Hepatotoxicity due to prescription medications and herbal supplements is increasingly recognized as a major cause of morbidity and mortality throughout the developed world. Due to its idiosyncratic nature, variable presentation, and the vast number of potential causative drugs as well as herbal and dietary supplements, drug-induced liver injury (DILI) is often diagnosed late in its course when patients present with severe liver disease. This makes diagnosis and characterization of the mechanisms involved in the pathogenesis of DILI, difficult and does not allow accurate assessment of the epidemiology and risk factors associated with DILI. Since one of the main concerns with the current DILIN is the late presentation of cases, future investigation should focus on accruing cases where the liver injury is detected early on.
The aims of the Mount Sinai membership in the NIDDK DILI study are as follows: 1) To rapidly increase the number of enrolled adults and children with DILI, particularly among under-represented minority groups in the current DILIN prospective and retrospective databases;2) To enroll patients early in the course of DILI by closely monitoring high risk groups;and 3) ultimately to investigate preventative measures to prevent DILI among high risk groups. The inclusion of Mount Sinai in the DILIN will lead to an increase in the number of DILI cases from Hispanic, Black and Asian patients. The significant number of Asian and Hispanic patients who will be recruited from the New York area may provide insights into the mechanism of liver injury related to the use of herbal and dietary supplements as these populations are known to be frequent users of these complementary and alternative medicines. A major component of the Mount Sinai DILIN will be focused on the recruitment of elderly patients with DILI, and importantly also on a control population taking these supplements, a population not well represented to date in the network. Similarly, Mount Sinai's large population of 4,000 HIV infected patients will provide cases and controls to represent the large population on antiretroviral therapy. The large number of patients undergoing chemotherapy treatment followed by the many Mount Sinai oncologists represents another ideal source of prospective DILI cases and controls. Mount Sinai is a member of eMERGE, a national consortium to develop, disseminate, and apply approaches using electronic medical records (EMR) systems to genomics research. A current projects in eMERGE is to develop an electronic algorithm to identify cases of DILI in EMR systems. If just 1 percent of the 100,000 eMERGE DNA samples have a history of DILI, then the DILIN could double its DNA sample database overnight. Investigators at Mount Sinai are well-qualified and poised to contribute to ancillary studies that arise from the wealth of available data and samples of the collective DILIN. Combined with outstanding infrastructure to collect detailed information through exploitation of the EMR and Data Warehouse, the partnership of the Personalized Medicine program, and involvement of a multi-disciplinary team across the institution and its affiliates, we bring tremendous manpower to bear upon this urgent problem.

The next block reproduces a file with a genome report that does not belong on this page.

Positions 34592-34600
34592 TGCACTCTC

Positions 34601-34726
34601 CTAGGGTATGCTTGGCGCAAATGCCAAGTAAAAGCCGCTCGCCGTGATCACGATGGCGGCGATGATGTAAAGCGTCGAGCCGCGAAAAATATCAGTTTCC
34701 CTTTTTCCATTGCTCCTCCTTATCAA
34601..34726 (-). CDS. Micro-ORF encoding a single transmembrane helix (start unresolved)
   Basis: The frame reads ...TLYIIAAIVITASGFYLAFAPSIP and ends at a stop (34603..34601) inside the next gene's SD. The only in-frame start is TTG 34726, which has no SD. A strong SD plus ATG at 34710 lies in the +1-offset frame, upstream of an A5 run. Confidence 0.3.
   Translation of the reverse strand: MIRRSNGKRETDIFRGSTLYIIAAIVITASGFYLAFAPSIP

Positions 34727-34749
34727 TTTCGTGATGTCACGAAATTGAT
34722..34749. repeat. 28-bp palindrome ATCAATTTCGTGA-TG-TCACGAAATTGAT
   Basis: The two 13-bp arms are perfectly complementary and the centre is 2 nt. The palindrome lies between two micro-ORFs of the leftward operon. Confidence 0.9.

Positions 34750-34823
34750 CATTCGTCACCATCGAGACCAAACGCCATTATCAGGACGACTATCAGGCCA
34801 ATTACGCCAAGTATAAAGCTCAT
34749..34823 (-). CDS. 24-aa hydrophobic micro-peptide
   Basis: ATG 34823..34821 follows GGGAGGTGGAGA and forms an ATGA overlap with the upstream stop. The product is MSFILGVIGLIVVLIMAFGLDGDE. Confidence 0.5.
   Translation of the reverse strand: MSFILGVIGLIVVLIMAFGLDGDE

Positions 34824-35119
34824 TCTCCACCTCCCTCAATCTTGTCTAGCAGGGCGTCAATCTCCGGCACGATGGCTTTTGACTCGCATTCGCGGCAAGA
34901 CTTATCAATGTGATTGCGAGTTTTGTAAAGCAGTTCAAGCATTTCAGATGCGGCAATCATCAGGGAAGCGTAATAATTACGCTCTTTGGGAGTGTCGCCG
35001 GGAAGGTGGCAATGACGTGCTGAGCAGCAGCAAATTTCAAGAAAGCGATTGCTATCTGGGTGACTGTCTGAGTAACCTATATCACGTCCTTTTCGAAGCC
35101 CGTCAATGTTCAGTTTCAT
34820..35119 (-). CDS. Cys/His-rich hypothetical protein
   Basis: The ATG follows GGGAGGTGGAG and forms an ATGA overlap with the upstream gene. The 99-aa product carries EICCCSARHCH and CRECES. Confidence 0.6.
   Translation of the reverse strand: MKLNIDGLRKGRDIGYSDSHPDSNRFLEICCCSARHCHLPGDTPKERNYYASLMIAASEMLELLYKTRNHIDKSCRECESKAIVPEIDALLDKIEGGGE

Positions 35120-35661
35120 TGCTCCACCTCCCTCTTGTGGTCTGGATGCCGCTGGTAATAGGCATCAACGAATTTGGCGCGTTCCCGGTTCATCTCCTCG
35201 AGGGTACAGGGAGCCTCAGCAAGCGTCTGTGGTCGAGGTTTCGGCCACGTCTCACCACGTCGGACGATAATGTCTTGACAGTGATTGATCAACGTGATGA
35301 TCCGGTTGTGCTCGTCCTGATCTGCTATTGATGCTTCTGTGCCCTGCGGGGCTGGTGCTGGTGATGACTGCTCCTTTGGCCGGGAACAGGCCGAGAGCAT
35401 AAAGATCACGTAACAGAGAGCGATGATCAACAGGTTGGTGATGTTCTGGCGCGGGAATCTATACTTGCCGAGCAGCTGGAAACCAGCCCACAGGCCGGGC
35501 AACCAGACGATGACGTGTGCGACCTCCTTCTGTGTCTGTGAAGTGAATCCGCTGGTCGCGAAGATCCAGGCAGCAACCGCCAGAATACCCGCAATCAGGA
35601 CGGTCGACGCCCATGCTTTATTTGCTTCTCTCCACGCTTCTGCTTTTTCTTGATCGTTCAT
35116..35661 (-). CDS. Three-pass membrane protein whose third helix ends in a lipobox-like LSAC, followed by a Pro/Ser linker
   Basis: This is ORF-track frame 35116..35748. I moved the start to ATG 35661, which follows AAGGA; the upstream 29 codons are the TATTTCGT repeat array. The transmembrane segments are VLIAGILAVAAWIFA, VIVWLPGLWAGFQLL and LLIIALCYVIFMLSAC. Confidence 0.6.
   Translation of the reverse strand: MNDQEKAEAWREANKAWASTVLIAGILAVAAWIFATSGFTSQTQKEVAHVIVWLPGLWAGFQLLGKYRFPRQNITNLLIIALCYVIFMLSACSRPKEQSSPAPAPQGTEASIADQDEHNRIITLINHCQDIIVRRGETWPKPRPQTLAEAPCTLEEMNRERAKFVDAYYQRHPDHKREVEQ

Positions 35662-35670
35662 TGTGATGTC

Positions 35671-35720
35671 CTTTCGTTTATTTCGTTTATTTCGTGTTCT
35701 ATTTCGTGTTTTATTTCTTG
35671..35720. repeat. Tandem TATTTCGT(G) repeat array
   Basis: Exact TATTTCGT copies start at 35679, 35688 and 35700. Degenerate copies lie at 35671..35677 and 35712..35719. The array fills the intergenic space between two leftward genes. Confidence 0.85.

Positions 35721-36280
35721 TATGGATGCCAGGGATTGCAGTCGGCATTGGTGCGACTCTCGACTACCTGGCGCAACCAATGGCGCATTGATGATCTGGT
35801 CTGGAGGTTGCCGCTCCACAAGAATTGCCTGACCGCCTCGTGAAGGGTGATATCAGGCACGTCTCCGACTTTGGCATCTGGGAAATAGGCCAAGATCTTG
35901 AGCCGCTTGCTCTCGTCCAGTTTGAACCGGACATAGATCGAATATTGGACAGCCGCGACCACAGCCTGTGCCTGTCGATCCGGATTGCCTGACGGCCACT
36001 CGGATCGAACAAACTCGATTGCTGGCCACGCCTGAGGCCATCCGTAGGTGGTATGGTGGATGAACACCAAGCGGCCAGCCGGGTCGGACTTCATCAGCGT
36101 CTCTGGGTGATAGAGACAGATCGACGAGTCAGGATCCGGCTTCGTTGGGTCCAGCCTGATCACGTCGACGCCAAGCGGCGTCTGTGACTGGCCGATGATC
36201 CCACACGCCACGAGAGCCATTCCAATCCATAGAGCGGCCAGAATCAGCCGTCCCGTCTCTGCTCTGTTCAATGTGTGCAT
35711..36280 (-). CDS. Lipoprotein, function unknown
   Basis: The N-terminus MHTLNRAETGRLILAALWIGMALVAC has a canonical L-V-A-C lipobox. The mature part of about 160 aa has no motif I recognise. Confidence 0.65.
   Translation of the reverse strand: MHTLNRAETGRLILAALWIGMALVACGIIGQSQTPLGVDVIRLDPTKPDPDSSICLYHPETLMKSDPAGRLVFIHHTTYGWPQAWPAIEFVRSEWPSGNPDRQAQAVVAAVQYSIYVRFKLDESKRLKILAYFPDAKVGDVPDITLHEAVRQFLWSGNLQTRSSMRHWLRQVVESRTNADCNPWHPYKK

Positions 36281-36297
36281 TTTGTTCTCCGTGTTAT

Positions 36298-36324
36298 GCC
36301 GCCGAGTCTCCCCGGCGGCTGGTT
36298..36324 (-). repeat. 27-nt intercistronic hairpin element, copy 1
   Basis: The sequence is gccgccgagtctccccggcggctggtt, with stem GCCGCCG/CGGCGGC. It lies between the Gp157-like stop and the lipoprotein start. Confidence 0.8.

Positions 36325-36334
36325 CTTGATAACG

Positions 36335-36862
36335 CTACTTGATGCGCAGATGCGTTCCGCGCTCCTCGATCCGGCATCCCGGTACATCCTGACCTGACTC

Due to the often idiosyncratic nature and the vast number of potential causative drugs, as well as herbal and dietary supplements, drug-induced liver injury (DILI) is typically diagnosed late in its course when patients present with severe liver disease. We will recruit patients early in the course of DILI and also follow patients who are at high risk f developing DILI to improve understanding of this insidious condition. Mount Sinai is home to a large and diverse patient base that will enhance quality and quantity of data produced by this consortium of contributing medical centers.
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